Purchase Story

Lamps, Glass, and Jewelry Auction

James D. Julia, Inc., Fairfield, Maine

Not surprisingly, the name Louis Comfort Tiffany dominated the James D. Julia lamp, glass, and jewelry auction on December 1, 2017, in Fairfield, Maine. About 60 Tiffany lamps and chandeliers came up, led by a trio of lamps that topped the sale at $84,700 apiece (including buyer’s premium). See the captions for more descriptions.

A trifecta of Tiffany lamps sold separately, topping the sale with matching prices of $84,700. One is a Tiffany Studios hanging chandelier (above)depicting nasturtiums with yellow and amber flowers and rich green leaves of various shades against a cloudy blue background. Top right, a domed Tiffany Studios table lamp has yellow roses adorning the bottom of the shade and yellow and red butterflies fluttering above the flowers, against a honeycomb of blue and white sections, resting on a five-legged bronze urn-form base. Completing the threesome is a Tiffany Studios table lamp (right) with red geranium flowers and leaves on a white and dark blue background decorating the shade, and a bronze flowerpot base with five arms supporting the shade.

As often happens here, bidders were all abuzz over a Tiffany Dragonfly table lamp. Each of the little glass insects in the shade had minutely veined wings, deep red bodies, and azure-hued compound eyes, backed by fields of green and amber textured glass. The faux turtleback bronze base, marked “TIFFANY STUDIOS / NEW YORK / 587,” supported a three-socket cluster and was finished in a two-tone surface of dark brown bronze patina and gold doré. Even with a few small hairline cracks, the dragonflies sold for $63,525 (est. $60,000/80,000). Another Tiffany Dragonfly lamp didn’t fly so high. That one had a cone-shaped shade, dragonflies composed of amber bodies and eyes with red wings, and a green and amber dichroic background, which was augmented by blue, green, and opalescent cabochon jewels. It rested on a Rookwood Pottery vase with an incised water lily design, signed with a Rookwood flame mark that dated it to 1905. That one found no takers with a $65,000/75,000 estimate.

Chryselephantine sculpture signed “D. H. Chiparus” of a lithe and lovely Art Deco dancer, sold for $15,966.20.

Tiffany table lamp with a floral band surrounded by a field of striated pink and cream glass. The three-armed base is marked on the underside “TIFFANY STUDIOS / NEW YORK / 21667,” around a Tiffany Glass & Decorating Company logo. Finished in a dark brown patina and topped with a replaced heat cap, it sold for $42,350 (est. $30,000/50,000).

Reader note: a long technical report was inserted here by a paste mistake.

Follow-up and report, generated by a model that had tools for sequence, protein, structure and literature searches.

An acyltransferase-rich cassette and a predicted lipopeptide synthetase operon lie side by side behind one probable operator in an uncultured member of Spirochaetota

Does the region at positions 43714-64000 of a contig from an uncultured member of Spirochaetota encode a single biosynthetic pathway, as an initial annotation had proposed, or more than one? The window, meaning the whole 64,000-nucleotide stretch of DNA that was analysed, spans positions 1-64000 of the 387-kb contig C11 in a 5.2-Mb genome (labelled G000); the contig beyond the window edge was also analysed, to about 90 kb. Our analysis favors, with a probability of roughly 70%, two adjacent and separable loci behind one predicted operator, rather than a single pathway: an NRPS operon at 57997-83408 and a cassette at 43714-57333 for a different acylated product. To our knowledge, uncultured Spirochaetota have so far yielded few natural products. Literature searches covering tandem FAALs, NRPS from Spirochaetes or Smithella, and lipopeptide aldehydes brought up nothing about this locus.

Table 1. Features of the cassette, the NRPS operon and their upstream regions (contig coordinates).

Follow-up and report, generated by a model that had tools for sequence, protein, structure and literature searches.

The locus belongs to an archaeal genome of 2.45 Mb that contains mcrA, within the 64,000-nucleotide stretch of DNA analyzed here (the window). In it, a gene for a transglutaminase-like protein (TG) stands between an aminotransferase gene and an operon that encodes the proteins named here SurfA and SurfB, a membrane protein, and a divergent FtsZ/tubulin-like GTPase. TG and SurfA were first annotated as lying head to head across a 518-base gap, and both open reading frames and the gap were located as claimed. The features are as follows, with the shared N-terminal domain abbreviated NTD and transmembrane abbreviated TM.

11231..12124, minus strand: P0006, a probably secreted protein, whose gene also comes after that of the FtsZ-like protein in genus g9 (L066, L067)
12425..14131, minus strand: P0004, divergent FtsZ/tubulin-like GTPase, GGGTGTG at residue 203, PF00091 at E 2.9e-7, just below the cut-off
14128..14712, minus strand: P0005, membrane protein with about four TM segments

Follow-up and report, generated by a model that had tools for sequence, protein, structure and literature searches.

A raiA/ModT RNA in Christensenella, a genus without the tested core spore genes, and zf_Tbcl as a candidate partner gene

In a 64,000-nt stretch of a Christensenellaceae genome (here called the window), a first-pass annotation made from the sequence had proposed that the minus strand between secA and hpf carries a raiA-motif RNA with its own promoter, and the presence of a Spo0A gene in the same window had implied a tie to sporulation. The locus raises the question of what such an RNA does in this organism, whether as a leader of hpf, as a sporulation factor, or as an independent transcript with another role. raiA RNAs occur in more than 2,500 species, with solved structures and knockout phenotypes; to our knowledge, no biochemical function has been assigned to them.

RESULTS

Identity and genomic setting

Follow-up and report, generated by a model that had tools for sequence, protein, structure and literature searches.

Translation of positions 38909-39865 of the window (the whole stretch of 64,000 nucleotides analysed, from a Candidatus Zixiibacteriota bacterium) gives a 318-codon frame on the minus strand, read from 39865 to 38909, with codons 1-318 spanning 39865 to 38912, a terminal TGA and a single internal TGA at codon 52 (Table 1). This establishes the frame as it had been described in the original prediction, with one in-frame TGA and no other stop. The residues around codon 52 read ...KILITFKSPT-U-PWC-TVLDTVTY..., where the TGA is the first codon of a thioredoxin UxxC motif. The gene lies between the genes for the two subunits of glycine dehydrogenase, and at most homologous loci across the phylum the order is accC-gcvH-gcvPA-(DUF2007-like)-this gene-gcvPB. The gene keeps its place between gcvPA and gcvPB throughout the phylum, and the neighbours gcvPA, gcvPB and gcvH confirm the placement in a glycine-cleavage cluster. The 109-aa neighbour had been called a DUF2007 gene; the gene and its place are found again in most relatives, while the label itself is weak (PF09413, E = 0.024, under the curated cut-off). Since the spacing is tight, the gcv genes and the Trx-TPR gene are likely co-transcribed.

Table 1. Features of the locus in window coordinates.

Hanging hall lamp, attributed to Tiffany Studios, ended at $51,425 (est. $30,000/35,000).

A massive 16½" x 16½" hanging hall lamp was attributed to but not signed by Tiffany Studios. Twelve vertical panels contained four light blue to white opalescent glass cabochons apiece, built into a bronze lattice framework, finished in a light brown patina. Bidders were confident enough to ignore the $30,000/35,000 estimate and push it up to $51,425.

One of the non-Tiffany standouts was a statue by Demétre Haralamb Chiparus (1886-1947), a Romania-born sculptor of the Art Deco era. His sculptures of dancers, theater performers, and early motion picture actors were often done in chryselephantine—a term originally denoting ancient sculptures made with a combination of gold and ivory, but later encompassing modern examples made of ivory combined with other materials, such as bronze. Here we had just such a work, with a lithe dancer in an exuberant pose. Her green, red, and gilt attire set off the ivory skin tones. Signed “D. H. Chiparus” on the top of the stepped marble base, the 16¼" tall statue closed at $15,966.20, short of the $20,000/30,000 estimate.

One dragonfly took off and one stayed on the ground. A Tiffany Dragonfly table lamp (left and above) with deep red bodies and blue eyes soared to $63,525. And a Tiffany Dragonfly lamp with a Rookwood base failed to lift off and went unsold with a $65,000/75,000 estimate.

Auctioneer Jim Julia stepped out from behind the podium to welcome his wife, Sandy, as she arrived to a hearty round of applause. Sandy is undergoing cancer treatment, and we send her our sincere prayers and warm thoughts.

A squat Tiffany Studios table lamp sporting a shade full of mottled pastel crocus flowers and leaves on an off-white background. Rounded out by a converted kerosene base with a light brown glass body, it sold for a fat $54,450 (est. $40,000/60,000).

Most Mainers know that gentian root is what gives Moxie soda its “distinctively different” flavor, as its advertising tagline states. But it’s the gentian flower that gave a Tiffany table lamp its appeal. The flowers on the shade hung downward from the cap, the opposite of their natural upward position. An inverted arch of green panels surrounded each flower, pointing to a ring of chunky green jewels. With a bronze Tiffany base decorated with matching gentian flower designs sculpted in relief and a floral openwork stem, the lamp was distinctively different enough to merit an $81,675 sale.

For more information, visit (www.jamesdjulia.com) or call (207) 453-7125.

This Tiffany Gentian table lamp had enough “moxie” for bidders to give it a ride to $81,675 (est. $40,000/60,000).

Originally published in the March 2018 issue of Maine Antique Digest. © 2018 Maine Antique Digest

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